Switzerland is a founding member of the EBRD and an important contributor to the Bank's work.
The Swiss State Secretariat for Economic Affairs (SECO) is one of the EBRD’s largest bilateral donors with cumulative volume of grants of more than €211 million for technical cooperation, investment grant co-financing, risk-sharing and guarantees.
Switzerland and the EBRD: at a glance
€211mn donor funds supporting EBRD operations
2.28% capital share
€6.92bn Switzerland-EBRD investments
SECO’s sectoral priorities include infrastructure, enterprise and financial sector development, and climate change mitigation through energy efficiency and renewable energy initiatives. Priority regions for Swiss bilateral funding include the early transition countries in Eastern Europe and Caucasus and Central Asia, the Western Balkans, Ukraine, and the SEMED region.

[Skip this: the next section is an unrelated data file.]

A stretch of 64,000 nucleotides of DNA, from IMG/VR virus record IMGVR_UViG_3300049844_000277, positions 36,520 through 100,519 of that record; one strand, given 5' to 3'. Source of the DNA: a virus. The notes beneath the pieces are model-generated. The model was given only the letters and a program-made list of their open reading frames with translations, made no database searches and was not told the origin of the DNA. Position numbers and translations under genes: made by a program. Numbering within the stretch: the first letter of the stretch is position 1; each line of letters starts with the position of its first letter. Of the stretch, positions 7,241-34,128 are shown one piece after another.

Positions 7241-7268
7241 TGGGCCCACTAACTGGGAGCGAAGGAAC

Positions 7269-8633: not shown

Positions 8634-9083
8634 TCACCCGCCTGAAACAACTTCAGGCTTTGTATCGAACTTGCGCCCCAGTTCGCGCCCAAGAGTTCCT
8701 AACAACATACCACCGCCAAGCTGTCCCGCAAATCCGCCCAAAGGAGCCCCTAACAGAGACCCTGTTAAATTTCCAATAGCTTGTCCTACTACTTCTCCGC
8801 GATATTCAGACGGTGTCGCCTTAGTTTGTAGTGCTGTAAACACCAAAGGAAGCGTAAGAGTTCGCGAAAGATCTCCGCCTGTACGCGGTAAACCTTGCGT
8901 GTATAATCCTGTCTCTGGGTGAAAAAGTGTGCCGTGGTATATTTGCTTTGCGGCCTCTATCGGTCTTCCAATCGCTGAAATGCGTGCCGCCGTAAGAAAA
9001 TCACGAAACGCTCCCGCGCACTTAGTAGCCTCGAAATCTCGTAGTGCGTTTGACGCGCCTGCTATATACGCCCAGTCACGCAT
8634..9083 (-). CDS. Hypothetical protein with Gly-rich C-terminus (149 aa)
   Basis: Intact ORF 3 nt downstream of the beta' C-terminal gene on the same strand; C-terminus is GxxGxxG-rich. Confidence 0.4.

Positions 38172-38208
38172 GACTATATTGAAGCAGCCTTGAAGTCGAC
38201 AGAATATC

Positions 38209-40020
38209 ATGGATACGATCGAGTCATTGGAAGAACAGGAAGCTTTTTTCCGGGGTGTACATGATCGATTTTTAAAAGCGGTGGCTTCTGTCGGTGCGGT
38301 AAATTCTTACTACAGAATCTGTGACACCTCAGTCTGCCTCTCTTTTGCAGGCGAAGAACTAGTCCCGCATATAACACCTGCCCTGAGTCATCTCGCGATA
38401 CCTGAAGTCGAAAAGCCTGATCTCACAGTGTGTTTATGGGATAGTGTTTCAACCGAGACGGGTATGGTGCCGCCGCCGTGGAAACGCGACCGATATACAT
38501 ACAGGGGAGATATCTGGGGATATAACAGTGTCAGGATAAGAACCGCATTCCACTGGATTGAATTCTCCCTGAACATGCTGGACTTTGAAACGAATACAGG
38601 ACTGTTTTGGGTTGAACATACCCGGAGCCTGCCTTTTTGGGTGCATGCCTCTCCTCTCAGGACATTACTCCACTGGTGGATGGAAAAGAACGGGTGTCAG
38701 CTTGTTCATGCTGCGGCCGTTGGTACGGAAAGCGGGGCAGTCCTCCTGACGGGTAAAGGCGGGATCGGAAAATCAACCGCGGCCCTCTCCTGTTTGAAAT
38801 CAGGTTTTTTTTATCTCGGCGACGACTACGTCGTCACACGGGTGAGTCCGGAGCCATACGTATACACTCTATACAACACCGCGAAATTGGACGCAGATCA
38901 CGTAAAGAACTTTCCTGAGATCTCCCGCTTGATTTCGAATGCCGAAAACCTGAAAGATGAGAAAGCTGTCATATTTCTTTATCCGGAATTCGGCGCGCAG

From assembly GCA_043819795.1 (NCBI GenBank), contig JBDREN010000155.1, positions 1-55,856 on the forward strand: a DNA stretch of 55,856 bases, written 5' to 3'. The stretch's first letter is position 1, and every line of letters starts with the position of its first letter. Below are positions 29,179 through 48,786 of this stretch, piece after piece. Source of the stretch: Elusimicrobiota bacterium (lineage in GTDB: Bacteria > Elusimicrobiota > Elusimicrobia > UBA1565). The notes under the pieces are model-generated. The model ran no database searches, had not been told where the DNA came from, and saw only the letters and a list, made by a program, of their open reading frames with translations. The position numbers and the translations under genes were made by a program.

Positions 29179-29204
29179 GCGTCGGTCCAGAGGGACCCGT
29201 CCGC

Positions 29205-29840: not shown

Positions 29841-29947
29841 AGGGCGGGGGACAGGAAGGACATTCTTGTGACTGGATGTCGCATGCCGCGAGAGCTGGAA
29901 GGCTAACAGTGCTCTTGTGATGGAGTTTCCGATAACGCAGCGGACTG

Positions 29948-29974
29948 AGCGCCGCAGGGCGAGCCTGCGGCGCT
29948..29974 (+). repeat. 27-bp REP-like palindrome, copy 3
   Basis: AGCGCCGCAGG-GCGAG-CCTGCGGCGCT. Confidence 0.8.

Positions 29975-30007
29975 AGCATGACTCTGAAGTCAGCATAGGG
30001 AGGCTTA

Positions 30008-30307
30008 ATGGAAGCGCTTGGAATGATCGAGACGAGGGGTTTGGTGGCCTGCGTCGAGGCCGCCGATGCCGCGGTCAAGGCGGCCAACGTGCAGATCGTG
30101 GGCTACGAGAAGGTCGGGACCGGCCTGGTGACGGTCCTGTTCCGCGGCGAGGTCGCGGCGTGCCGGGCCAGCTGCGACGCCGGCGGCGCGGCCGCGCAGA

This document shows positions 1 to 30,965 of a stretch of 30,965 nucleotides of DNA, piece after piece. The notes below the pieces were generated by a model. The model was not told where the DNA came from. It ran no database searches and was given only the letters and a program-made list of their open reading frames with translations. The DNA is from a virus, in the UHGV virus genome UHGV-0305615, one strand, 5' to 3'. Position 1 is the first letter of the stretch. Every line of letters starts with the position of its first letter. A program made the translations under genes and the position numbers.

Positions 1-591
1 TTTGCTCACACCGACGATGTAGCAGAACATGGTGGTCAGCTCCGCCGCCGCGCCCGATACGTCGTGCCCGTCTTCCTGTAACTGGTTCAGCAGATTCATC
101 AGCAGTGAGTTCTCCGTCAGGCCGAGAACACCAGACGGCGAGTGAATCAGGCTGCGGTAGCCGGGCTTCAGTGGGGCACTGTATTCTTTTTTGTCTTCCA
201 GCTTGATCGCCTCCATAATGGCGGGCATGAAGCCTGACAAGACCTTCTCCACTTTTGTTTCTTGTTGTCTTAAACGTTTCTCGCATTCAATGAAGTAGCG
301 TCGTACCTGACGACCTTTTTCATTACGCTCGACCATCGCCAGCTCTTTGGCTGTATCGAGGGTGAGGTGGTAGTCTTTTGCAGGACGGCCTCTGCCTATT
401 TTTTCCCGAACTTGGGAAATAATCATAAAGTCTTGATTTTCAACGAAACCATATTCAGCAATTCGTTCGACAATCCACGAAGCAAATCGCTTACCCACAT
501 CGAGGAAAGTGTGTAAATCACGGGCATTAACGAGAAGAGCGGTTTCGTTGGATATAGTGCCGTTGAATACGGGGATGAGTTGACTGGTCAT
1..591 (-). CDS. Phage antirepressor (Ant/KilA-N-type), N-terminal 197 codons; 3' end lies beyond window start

Switzerland contributes to a number of EBRD multi-donor funds, such as the Eastern Europe Energy Efficiency and Environment Partnership (E5P), the Early Transition Countries (ETC) Fund, the Small Business Impact Fund, and the Ukraine Stabilisation and Sustainable Growth Multi-Donor Account.
Switzerland is an important source of foreign direct investment in the EBRD’s countries of operations. The value of joint Swiss- EBRD investment stood at €6.92 billion as of end of December 2020. EBRD finance accounted for €3.87 billion, and Swiss investment accounted for €3.05 billion.
Switzerland-EBRD investment has been strong in regional projects, followed by Azerbaijan and Turkey. Broken down by industry, joint Switzerland-EBRD investment has been the strongest in the following areas: sustainable infrastructure, industry, commerce and agribusiness, and financial institutions.
Swiss banks are also involved in the Trade Facilitation Programme, through which the EBRD guarantees the payment of trade finance instruments issues by banks in its countries of operations to foreign confirming banks. Through the Programme, the EBRD has supported export and import transactions with Swiss companies, and over 12 Swiss banks.
From 2015 to December 2019, entities from Swiss firms won 20 contracts worth over €36.3 million.